Innovation in health education helping children ride ups and downs of life, study shows

A new study by the University of the West of England (UWE Bristol) into work going on in Gloucestershire schools shows that young people are becoming more responsible for looking after their own health.

Facts4Life is one of a suite of health and wellbeing programmes and interventions being delivered in Gloucestershire schools. The programme, run by a GP and a former deputy head teacher, helps children understand that their mental wellbeing and physical health are inextricably linked and that they don’t always need medicine in order to get better.

Instead of simply telling children to make healthier choices, the programme helps them to understand why doing certain things will lead to better health, and that good health and wellbeing is very much linked to their environment and the choices they make. They are encouraged to make sense of their own experiences of illness to understand this and to identify how their attitudes and behaviour have changed, improving their personal health and wellbeing. So far, Facts4Life has worked with more than 160 schools in the county and trained more than 1,000 teachers.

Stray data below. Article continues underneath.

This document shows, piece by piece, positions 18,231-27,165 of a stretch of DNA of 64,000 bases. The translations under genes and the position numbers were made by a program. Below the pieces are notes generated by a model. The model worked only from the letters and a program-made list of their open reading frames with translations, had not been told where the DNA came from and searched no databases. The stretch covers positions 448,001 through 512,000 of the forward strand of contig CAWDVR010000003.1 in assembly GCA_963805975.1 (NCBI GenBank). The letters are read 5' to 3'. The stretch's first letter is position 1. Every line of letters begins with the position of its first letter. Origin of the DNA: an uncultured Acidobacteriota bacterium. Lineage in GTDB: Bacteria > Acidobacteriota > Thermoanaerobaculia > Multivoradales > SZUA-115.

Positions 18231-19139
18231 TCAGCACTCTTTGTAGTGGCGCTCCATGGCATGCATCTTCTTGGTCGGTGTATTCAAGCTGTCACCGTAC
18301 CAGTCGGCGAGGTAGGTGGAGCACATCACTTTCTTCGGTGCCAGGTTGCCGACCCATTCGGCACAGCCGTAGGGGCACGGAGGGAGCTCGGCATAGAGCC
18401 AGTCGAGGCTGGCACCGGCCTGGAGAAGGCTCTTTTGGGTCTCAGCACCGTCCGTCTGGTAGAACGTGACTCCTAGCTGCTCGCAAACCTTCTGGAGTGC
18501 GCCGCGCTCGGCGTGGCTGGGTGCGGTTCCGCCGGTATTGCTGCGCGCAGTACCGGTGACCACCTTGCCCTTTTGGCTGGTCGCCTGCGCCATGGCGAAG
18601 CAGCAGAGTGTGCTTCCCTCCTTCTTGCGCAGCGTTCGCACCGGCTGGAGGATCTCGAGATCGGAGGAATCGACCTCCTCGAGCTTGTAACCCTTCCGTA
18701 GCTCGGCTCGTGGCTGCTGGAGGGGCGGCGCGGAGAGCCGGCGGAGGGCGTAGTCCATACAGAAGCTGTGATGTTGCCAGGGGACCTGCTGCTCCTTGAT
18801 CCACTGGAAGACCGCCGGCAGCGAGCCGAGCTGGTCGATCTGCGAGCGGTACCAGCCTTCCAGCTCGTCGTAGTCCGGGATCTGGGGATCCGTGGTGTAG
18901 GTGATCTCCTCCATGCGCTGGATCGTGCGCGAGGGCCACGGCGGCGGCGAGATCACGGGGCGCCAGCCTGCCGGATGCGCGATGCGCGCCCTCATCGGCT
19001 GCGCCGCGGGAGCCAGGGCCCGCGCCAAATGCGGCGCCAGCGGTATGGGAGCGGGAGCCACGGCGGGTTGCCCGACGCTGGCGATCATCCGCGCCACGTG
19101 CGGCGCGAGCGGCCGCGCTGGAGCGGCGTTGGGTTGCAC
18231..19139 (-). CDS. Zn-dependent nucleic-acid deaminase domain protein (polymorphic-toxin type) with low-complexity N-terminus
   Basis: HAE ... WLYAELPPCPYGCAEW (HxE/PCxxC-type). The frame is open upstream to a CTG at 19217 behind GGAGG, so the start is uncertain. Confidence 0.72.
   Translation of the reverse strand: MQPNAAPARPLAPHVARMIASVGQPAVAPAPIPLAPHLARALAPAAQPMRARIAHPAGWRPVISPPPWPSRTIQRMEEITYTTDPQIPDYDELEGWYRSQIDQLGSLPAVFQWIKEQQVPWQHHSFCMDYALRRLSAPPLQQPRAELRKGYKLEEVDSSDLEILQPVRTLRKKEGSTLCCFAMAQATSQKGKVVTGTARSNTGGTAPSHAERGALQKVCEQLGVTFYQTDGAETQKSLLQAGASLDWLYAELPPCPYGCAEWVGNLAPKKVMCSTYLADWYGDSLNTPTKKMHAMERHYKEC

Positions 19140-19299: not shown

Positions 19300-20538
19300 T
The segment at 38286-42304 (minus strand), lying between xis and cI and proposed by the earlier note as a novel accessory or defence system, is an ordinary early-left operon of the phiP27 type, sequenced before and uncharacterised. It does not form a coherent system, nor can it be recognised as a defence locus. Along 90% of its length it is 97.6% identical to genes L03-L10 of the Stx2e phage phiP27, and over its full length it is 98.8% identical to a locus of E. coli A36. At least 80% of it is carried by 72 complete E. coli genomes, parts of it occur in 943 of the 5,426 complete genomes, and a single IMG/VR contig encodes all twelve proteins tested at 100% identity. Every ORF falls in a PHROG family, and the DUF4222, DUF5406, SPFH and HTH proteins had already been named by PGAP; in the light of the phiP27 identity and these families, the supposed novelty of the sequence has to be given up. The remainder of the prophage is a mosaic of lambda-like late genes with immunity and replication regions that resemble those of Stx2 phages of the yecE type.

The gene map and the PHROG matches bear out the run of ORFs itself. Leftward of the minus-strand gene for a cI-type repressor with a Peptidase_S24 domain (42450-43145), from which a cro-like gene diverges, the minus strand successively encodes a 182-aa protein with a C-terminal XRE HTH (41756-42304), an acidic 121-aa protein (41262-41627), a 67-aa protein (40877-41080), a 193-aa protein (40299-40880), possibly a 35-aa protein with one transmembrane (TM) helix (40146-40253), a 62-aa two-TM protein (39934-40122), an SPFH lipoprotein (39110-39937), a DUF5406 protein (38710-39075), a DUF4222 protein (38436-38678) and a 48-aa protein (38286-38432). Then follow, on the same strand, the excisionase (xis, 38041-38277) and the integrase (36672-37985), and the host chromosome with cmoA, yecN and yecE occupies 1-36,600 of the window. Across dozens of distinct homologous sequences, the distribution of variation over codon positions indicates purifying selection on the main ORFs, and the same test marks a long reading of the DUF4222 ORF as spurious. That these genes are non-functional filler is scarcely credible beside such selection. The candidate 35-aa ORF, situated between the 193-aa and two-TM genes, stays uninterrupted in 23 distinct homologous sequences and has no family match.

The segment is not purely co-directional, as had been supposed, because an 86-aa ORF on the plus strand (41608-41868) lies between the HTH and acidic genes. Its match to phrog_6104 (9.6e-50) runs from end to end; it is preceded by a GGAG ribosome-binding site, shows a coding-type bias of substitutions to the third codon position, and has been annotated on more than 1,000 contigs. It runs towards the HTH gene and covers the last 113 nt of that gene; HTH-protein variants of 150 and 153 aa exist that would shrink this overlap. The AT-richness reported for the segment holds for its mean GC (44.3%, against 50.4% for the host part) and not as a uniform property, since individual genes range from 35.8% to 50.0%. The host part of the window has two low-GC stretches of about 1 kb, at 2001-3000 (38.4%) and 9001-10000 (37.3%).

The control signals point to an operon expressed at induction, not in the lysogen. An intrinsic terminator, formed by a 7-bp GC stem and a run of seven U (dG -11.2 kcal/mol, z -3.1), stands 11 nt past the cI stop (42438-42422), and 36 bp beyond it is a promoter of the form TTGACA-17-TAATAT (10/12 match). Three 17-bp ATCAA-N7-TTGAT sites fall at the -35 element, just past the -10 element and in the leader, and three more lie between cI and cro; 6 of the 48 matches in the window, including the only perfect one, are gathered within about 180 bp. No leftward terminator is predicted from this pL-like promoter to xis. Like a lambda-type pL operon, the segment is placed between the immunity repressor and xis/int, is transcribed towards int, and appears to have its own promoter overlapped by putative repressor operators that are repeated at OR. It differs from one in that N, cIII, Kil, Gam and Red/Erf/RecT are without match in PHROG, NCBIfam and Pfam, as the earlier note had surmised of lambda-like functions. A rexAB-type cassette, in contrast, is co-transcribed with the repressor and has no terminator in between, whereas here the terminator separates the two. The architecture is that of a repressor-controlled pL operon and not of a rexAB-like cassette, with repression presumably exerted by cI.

The study, carried out by Professor Jane Powell, Emma Bird and team at the Centre for Public Health and Wellbeing at UWE Bristol, involved more than 400 primary and secondary aged school children over a three year period. It identified a significant improvement in resilience after six months among intervention group pupils in years 5 and 6. Younger pupils in years 3 and 4 reported improvements in managing three key aspects of their health: a decreased need for medication when feeling unwell, new strategies for promoting mental health, and the usefulness of learning about illness. Teachers indicated a change in philosophy around the teaching of health and illness, high levels of engagement and an impact on the way children behaved.

Hugh van’t Hoff, founder of Facts4Life and a practising GP, said: “We’re delighted with these findings. They offer real encouragement to an approach that is aimed at true prevention rather than costly medical intervention later in life.

Source: Read Full Article